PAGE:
Curated post of the week

This will be a weekly feature until I run out of favorites. Two weeks ago, I featured Elizabeth Engel’s What I’m Reading series. Mitch Joel’s Six Links Worthy of Your Attention is another one of my favorites. His post is a bit of a conversation between three friends. He says, “I decided that every week or so the three of us are going to share one link for one another (for a total of six links) that each individual feels the other person must see.” Now you know another one of my secret sources for good tweetable reads. More shall be revealed!

I keep thinking I’m due for a sci-fi book, and then I read this post by Annalee Newitz at io9: What Will Human Cultures Be Like in 100 Years. My brother-from-another-mother once predicted that we’d all end up in a group house together, again, when we hit our 80s. Howard Johnson’s would be great!

Happy Friday!

Old Howard Johnson's at Asbury Park, NJ(Photo by mbtrama/Flickr)

Old Howard Johnson’s at Asbury Park, NJ
(Photo by mbtrama/Flickr)

 

I’m not the only one who likes being a content curator. Elizabeth Engel is always an excellent source for interesting reads. Check out her weekly What I’m Reading series.

If your job involves engaging members, customers, constituents, donors or volunteers, you must read this post by Jeffery Cufaude, Cultivating Engagement: What was the Catalyst? He says, “If we want to cultivate relationships that invest people in our community, cause, or organization, we must remain curious about them: how might what I’m learning about you now alter my next interaction with you?” Grab your team, make them read this, and figure out how you’re going to start doing this next week.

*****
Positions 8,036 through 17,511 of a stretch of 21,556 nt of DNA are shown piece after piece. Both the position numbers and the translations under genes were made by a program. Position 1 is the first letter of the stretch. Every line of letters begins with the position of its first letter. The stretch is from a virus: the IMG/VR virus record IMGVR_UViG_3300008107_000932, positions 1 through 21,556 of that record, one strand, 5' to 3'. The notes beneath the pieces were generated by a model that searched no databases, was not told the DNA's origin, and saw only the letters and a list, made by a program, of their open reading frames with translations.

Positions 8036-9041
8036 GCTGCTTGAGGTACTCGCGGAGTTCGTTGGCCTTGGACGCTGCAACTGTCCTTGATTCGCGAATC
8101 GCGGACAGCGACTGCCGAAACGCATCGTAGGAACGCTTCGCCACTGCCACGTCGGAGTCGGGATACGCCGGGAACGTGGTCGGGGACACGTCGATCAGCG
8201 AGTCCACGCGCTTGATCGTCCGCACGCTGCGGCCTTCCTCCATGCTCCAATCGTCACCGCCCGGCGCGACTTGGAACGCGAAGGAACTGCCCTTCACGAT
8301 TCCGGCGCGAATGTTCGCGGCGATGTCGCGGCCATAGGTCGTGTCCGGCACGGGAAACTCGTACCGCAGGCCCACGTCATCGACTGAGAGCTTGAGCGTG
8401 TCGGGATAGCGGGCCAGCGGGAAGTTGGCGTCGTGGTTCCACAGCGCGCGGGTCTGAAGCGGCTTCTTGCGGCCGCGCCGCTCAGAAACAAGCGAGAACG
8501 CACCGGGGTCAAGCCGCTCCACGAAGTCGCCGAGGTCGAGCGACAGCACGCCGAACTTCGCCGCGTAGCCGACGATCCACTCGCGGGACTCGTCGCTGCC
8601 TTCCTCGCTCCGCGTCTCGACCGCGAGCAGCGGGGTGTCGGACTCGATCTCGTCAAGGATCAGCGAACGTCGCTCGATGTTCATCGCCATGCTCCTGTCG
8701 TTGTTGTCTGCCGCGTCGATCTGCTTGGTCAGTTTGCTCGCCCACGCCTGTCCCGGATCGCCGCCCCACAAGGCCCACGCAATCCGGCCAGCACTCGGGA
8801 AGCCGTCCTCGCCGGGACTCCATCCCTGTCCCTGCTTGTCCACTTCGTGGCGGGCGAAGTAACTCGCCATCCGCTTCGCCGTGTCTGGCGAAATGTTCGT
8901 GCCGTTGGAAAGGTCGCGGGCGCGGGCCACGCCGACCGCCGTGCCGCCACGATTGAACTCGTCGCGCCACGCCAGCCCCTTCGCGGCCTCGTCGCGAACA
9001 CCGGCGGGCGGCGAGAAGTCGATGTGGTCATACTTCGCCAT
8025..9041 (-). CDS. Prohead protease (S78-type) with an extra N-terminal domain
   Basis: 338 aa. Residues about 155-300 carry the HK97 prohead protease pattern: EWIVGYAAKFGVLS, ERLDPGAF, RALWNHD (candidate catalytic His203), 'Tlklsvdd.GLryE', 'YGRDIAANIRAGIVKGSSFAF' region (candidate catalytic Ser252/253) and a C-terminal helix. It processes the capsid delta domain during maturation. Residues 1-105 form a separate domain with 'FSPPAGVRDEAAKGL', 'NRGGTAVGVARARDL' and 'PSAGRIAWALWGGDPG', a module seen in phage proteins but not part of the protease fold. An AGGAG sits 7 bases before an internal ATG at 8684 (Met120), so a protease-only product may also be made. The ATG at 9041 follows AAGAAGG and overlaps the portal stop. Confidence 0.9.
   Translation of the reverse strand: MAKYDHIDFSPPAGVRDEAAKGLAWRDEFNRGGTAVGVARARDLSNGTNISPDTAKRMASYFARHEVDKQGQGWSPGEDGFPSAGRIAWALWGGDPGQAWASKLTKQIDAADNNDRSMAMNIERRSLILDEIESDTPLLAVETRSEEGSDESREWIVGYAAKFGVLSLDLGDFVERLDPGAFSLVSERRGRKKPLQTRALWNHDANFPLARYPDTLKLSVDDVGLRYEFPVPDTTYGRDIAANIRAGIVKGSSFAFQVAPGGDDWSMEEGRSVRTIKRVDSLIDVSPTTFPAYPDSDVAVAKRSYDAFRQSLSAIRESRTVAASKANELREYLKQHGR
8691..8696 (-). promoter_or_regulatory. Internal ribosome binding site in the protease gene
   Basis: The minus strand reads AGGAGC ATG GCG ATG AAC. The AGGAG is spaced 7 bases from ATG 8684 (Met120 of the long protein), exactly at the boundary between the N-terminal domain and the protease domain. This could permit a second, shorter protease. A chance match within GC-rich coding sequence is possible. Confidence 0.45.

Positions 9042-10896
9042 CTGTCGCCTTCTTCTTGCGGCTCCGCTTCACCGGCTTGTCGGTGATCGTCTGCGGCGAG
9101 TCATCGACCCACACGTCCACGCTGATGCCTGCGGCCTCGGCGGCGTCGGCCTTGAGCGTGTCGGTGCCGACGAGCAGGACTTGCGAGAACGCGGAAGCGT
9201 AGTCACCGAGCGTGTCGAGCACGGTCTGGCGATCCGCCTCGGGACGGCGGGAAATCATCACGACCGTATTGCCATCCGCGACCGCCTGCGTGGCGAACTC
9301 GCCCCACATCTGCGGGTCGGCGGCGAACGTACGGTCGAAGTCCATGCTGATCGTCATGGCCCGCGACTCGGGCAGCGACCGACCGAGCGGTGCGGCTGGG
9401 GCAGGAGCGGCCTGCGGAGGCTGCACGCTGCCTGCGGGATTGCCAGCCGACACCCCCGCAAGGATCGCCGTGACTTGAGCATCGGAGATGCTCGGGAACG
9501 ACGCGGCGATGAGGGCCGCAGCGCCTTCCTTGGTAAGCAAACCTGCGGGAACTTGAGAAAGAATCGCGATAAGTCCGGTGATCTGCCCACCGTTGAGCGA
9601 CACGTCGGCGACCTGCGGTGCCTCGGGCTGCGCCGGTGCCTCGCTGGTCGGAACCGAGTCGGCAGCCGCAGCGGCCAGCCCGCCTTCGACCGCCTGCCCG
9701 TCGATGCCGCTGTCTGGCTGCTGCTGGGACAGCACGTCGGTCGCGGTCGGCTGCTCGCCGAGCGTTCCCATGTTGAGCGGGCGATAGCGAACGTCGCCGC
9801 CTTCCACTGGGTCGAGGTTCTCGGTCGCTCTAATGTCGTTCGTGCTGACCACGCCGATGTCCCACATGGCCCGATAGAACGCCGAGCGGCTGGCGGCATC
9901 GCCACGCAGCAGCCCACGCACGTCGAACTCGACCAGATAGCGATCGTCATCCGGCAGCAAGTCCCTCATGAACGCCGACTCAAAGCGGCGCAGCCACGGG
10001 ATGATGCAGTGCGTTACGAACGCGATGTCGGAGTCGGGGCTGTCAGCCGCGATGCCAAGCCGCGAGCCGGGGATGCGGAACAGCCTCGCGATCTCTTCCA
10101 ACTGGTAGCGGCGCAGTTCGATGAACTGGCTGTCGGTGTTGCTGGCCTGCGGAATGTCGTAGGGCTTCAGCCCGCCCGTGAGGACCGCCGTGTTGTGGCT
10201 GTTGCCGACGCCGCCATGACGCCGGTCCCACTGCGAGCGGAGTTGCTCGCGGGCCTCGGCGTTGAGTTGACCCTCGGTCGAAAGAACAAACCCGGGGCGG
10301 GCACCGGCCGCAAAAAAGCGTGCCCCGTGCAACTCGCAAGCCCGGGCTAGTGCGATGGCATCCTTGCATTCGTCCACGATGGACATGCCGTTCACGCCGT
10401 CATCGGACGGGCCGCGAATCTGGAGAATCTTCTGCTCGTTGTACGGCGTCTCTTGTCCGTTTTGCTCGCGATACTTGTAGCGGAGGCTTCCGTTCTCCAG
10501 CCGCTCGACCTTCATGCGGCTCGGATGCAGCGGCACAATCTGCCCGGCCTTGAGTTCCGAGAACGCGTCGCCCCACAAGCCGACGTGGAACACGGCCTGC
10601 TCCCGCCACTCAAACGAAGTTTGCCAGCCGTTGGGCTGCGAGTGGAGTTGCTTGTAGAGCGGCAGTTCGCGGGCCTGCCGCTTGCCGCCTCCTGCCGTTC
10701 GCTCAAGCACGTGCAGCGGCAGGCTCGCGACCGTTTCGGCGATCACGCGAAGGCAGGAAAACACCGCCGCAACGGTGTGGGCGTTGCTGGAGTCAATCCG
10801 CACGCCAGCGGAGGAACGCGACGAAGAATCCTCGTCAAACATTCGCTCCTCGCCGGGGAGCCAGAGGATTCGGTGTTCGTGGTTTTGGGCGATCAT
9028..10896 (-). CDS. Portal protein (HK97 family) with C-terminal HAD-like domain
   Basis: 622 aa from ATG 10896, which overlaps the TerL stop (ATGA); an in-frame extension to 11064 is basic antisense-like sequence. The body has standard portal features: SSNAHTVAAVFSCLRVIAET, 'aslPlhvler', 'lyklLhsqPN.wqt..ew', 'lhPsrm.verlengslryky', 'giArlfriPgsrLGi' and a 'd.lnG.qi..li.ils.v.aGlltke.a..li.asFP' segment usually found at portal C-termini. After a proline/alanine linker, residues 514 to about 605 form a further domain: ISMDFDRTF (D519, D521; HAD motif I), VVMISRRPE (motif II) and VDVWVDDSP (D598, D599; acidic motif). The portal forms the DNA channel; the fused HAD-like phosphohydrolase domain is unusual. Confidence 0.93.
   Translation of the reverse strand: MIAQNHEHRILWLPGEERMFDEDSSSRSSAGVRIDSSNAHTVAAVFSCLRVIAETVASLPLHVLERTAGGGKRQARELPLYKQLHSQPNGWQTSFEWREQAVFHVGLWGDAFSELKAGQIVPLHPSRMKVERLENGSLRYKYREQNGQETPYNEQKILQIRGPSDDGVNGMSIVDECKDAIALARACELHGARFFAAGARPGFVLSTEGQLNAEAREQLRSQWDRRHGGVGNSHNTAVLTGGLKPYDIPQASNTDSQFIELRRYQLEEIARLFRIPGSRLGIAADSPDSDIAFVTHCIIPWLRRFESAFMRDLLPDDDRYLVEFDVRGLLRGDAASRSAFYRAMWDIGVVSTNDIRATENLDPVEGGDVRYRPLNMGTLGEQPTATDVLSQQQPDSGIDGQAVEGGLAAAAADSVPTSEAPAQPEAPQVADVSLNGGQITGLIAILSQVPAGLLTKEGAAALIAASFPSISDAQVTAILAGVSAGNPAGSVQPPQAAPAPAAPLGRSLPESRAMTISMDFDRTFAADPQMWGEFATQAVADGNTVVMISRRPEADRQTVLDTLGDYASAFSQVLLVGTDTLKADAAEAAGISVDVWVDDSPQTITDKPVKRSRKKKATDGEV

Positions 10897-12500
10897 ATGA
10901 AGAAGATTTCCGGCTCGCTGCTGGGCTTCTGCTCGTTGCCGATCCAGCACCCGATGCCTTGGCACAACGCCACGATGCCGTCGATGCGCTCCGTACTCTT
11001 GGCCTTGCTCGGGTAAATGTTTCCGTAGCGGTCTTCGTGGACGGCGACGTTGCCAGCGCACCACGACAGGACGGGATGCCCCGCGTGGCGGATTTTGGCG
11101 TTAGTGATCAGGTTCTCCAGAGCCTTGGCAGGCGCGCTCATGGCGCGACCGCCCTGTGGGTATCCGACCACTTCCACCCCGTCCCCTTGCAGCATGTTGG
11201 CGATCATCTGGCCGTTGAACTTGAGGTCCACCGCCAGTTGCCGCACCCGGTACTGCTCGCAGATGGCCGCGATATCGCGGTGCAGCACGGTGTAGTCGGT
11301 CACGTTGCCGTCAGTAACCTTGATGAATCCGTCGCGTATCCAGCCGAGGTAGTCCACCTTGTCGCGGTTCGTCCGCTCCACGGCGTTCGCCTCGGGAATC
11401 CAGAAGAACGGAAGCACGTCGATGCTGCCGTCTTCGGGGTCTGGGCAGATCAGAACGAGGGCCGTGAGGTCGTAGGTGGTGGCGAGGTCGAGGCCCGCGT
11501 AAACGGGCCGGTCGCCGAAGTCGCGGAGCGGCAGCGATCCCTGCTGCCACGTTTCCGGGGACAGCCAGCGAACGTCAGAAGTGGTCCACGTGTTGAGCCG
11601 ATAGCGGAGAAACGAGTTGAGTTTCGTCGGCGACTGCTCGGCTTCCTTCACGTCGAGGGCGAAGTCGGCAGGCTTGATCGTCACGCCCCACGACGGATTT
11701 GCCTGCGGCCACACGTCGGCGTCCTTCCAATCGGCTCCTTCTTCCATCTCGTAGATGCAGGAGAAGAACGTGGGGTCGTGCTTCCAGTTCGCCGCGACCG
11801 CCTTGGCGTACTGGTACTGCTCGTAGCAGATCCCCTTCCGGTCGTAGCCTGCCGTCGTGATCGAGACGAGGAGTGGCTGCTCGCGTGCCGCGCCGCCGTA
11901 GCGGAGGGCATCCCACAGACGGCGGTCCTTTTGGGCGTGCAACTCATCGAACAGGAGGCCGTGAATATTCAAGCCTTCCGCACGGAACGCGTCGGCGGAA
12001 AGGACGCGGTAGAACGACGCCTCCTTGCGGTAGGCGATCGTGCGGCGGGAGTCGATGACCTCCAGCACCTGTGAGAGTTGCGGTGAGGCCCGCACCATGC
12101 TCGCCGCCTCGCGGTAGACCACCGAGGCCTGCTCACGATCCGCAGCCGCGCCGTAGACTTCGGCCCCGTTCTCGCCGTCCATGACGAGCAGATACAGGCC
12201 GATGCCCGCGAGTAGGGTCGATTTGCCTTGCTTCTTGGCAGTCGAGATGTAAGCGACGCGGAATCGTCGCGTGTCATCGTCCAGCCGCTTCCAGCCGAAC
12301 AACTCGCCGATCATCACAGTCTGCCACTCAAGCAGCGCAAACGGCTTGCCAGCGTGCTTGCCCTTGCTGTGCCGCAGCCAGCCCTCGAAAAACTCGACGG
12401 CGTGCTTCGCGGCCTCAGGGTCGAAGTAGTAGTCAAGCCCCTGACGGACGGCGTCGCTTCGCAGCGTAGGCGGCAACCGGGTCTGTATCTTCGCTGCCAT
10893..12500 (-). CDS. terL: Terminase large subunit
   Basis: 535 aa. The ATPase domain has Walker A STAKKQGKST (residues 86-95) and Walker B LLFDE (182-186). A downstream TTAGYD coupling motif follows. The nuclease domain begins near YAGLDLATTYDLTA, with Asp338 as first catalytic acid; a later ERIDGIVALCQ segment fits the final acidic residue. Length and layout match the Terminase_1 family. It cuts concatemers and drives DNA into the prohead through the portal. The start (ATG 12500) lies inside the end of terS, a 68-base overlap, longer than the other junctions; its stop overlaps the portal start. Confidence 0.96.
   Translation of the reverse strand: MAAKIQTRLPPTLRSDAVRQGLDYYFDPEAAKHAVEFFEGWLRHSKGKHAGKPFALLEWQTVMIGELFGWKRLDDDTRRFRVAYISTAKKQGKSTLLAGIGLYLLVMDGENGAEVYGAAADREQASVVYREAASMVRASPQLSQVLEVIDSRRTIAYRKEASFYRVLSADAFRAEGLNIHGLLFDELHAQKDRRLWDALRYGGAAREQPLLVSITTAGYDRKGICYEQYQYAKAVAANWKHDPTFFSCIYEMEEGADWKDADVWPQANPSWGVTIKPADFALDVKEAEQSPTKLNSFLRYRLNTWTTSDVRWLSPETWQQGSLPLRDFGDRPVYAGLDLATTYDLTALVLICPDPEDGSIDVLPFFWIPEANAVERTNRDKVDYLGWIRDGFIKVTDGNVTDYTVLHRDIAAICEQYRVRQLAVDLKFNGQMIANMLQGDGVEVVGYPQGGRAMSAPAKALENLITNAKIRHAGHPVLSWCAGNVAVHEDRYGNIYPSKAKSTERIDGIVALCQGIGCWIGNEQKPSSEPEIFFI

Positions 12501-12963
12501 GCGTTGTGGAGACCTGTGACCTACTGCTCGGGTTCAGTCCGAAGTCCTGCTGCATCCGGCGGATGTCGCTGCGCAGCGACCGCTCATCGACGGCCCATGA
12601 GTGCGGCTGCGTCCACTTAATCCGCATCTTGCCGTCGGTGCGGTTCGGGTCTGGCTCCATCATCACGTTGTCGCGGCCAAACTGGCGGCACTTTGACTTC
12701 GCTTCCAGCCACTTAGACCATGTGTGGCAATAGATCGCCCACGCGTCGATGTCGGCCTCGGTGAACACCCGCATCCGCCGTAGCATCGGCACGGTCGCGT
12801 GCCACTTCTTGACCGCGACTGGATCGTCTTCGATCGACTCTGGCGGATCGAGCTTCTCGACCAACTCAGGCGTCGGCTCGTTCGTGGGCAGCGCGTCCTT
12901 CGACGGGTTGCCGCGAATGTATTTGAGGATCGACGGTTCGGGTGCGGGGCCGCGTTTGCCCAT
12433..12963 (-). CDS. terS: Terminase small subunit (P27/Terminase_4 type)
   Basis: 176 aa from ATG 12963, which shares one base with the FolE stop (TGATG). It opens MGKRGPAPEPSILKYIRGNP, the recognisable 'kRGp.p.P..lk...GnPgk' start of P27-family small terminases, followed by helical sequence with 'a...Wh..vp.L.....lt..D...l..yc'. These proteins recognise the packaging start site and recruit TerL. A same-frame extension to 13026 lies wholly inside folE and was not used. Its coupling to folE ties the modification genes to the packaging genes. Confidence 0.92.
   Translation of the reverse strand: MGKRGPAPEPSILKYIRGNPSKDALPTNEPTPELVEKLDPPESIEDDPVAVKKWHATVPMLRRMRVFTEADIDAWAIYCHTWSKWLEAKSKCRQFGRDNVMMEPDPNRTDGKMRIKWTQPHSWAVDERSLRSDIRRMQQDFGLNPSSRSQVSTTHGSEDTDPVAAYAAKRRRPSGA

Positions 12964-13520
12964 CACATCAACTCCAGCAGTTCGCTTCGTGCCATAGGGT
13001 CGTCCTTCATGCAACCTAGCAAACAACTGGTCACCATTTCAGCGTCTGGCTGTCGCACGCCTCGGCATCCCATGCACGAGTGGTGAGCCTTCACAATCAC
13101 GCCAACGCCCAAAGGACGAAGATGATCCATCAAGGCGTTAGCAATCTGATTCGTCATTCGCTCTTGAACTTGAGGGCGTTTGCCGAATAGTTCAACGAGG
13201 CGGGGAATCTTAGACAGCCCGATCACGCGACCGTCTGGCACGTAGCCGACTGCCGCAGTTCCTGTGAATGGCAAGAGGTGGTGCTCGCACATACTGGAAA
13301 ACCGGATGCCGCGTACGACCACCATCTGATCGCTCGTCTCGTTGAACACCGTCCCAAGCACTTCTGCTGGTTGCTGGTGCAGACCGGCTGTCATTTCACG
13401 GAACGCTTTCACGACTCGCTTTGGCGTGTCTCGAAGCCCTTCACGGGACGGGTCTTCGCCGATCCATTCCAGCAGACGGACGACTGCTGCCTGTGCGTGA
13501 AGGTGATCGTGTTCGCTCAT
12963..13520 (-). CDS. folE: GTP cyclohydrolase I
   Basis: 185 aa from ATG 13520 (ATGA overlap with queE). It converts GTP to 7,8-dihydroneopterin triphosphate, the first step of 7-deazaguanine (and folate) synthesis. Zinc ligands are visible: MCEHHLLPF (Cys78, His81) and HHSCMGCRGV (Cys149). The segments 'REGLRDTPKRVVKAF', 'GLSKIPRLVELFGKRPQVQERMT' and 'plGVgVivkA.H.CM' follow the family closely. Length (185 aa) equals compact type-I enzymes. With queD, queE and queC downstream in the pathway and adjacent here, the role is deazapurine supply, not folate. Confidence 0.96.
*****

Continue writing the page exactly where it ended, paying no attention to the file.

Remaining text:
Andy Freed captures why I like reading all kinds of things and making odd connections. He was heading to TEDActive (the live Palm Springs simulcast) where he anticipated learning about association management from a dolphin researcher. And why not?

When’s the last time you picked up a phone and called a member you don’t know? I know. I never did it either, except when we were desperately promoting our trade show in the midst of the housing implosion. Eric Lanke has some ideas about the real reasons we don’t pick up the phone.

Barry Feldman wants you to take a hard look at your website after reading his post, 11 Reasons Why Prospects Don’t Convert Into Customers. He gives you the eleven reasons, good advice and a quick checklist at the Convince & Convert blog.

I just LOVE this post about a dying restaurant by Ken Mueller. I can feel for them because for eight years I was the general manager of an independently-owned (and very successful) restaurant, long before the days of social media. But we’ve all seen this story – lots of attention, but a little too late. Let’s all pledge to honor Ken’s words:

“I will continue to support small, independently owned family businesses whenever I can. I will also go out of my way to let them know I appreciate and support them. I will reward them for their humanity by spending my money with them, in hopes that they will be sustainable and profitable.”